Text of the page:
Need input on a horse that I am working with
 
 

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Need input on a horse that I am working with

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  • Tongue suckung in horses
  • Tongue sucking in horses

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  • 1 Post By DCKaio

 
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    11-07-2011, 04:10 PM
  #1
Foal
Need input on a horse that I am working with

Hey there,
I am a trainer in Central California and one of my clients has brought a horse to me with a variety of musculoskeletal symptoms. I will share with you the symptoms and behaviors and what my suggestions were, what has already been done by the vet. I would be very grateful for any input or observations as I may be missing something. His behavior and body mechanics suggest neurological malfunction, but before suggesting this to the vet or the owner I want to get a few people's input to either verify my conclusion or to debate it.
The vet seems to think it is a minor hock issue.

16 year old TB gelding, 16.2 hands.
Former Plasvac Horse.
Had "lameness issues" as a youngster but non-defining

Thorasic inflammation
Reactive to spinal stimulation
Steps far across himself with the right rear, but the step is short and not equal to the gait of the left.
Head tossing under saddle
No obvious inflammation of any of the joints in the legs.
Self-supplication of nursing on his own tounge (not just sticking it out, but actually suckling)
Flexion exercises reveal very tight musculoskeletal reactions in the croup. More lameness post flexion, hard limping.
Drops the left shoulder regularly at a canter
Trips over his own feet regularly whether walk, trot or canter, regardless of flat ground or terrain
Reluctant to flex neck towards right side, more reactive though the spine after any stimulation.
15 minutes into riding all symptoms worsen regardless of workload.
After 20 minutes of work whether under saddle or on the ground the gelding will start to buck at the halt and at the transition to the canter.

Vet has done acupuncture and horse has not improved. Also hock injections of a corticosteroid.

Any observations you could give me would be greatly appreciated. I have always believed that wisdom is found in a multitude of counselors.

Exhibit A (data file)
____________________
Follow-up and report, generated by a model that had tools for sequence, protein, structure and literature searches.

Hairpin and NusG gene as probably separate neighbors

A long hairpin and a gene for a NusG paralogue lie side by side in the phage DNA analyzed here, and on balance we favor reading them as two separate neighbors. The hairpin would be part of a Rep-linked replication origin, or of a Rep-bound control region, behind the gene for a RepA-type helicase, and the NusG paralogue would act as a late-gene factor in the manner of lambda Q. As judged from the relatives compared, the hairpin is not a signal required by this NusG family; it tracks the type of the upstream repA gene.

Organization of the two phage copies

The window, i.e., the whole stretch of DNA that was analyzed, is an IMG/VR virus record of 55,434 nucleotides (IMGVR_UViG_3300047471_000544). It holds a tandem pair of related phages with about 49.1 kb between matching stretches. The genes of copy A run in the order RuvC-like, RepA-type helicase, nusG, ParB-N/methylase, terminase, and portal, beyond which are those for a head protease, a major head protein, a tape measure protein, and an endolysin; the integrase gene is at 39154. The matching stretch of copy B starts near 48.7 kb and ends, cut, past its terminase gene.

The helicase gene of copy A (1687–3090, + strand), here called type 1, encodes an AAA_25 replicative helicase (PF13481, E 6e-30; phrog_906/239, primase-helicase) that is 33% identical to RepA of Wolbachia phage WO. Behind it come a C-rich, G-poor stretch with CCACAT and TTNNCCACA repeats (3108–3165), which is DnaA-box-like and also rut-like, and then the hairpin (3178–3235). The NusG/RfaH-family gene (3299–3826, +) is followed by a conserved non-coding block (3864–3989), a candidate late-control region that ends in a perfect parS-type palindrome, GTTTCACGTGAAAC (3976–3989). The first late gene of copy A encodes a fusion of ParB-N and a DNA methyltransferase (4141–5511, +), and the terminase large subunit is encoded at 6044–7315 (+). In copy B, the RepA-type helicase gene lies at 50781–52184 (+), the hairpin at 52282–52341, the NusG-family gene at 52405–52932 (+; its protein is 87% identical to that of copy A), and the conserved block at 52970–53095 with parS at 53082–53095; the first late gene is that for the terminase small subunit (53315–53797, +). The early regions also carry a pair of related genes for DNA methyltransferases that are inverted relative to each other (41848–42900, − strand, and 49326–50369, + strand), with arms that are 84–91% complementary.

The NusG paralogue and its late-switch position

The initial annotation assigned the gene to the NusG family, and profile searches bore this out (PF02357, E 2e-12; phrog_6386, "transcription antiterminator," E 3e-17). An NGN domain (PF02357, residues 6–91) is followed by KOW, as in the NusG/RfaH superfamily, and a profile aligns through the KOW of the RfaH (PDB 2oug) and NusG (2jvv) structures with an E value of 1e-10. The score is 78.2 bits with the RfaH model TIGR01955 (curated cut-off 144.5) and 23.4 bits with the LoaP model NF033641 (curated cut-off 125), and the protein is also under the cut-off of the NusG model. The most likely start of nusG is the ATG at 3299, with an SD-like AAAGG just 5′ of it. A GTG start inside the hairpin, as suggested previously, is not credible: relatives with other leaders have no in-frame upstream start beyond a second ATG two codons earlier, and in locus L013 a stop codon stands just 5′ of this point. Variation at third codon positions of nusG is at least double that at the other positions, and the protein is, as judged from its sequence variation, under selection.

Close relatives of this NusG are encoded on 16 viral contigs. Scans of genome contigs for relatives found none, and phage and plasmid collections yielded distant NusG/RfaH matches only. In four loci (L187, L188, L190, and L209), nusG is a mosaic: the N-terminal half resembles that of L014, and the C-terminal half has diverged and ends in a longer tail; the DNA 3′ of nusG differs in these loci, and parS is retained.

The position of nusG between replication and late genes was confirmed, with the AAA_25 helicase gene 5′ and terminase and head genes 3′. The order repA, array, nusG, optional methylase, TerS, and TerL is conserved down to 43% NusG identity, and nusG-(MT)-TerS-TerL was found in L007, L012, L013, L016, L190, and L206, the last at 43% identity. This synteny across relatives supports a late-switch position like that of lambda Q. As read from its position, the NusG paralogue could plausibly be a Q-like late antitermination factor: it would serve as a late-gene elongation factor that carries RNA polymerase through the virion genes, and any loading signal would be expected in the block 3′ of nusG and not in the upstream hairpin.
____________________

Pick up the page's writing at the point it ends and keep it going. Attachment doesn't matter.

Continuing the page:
Thanks
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    11-07-2011, 04:54 PM
  #2
Green Broke
I sent you a PM
     
    11-08-2011, 02:50 AM
  #3
Trained
What makes you think neurological and not purely physical? I don't know about the sucking the tongue thing - only horses I've known to do this are x-racers. Has he seen a good chiro or such?
     
    11-08-2011, 02:04 PM
  #4
Foal
Head shaking, tripping over his feet, excessively reactive to pressure stimuli along the spine and lack of any improvement with 2g of bute 2x/day are all suggestive of neurological. If it were purely physical, the bute would have helped, the hock injections would have helped, the acupuncture would have helped, I would suspect.
Sucking on the tongue is self supplication and though it is not in and of itself a symptom, it is abnormal for this particular horse.
The chiropractor has come out and said that he is good to go, no adjustment necessary. Physically he is in good shape. But that's why I am asking.
Do you think it could still be purely physical? And if so please elaborate. As I said I am looking for the input. I am not a vet, just a trainer, that's why I am asking.

Thank you!
     
    11-08-2011, 06:03 PM
  #5
Trained
I'm not a vet or anything either, just questioning, because yes, all those symptoms IME could be purely physical, so wondering whether there are other reasons that make you doubt this. When you say neurological, are you thinking a brain prob or some other nervous system issue? I've also only had dealings with one horse with known neurological issues & she died of a brain aneurism(?) about 2 hours after I met her, so not very knowledgeable at all about that side of things. Don't know what tests a vet may be able to do to ascertain this, but if possible, I'd want to find out/rule it out.

I missed where you said before that he hasn't responded to bute. Depends what's wrong whether anti inflams would be helpful, or the hock injection(it sounds a lot more than just the hock). The tongue sucking could be the same as windsucking. I am not familiar with how effective or all encompassing acupuncture may be as a 'cure'. I've also had chiros & other bodyworkers out to horses who were clearly not right, but were given the all clear by these professionals. Tripping, head shaking, etc doesn't nec. Mean neurological either, but if the physical prob is to do with pinched nerves for eg, it could be classed as both. So, sorry, no answers at all, just more questions to ponder.
     

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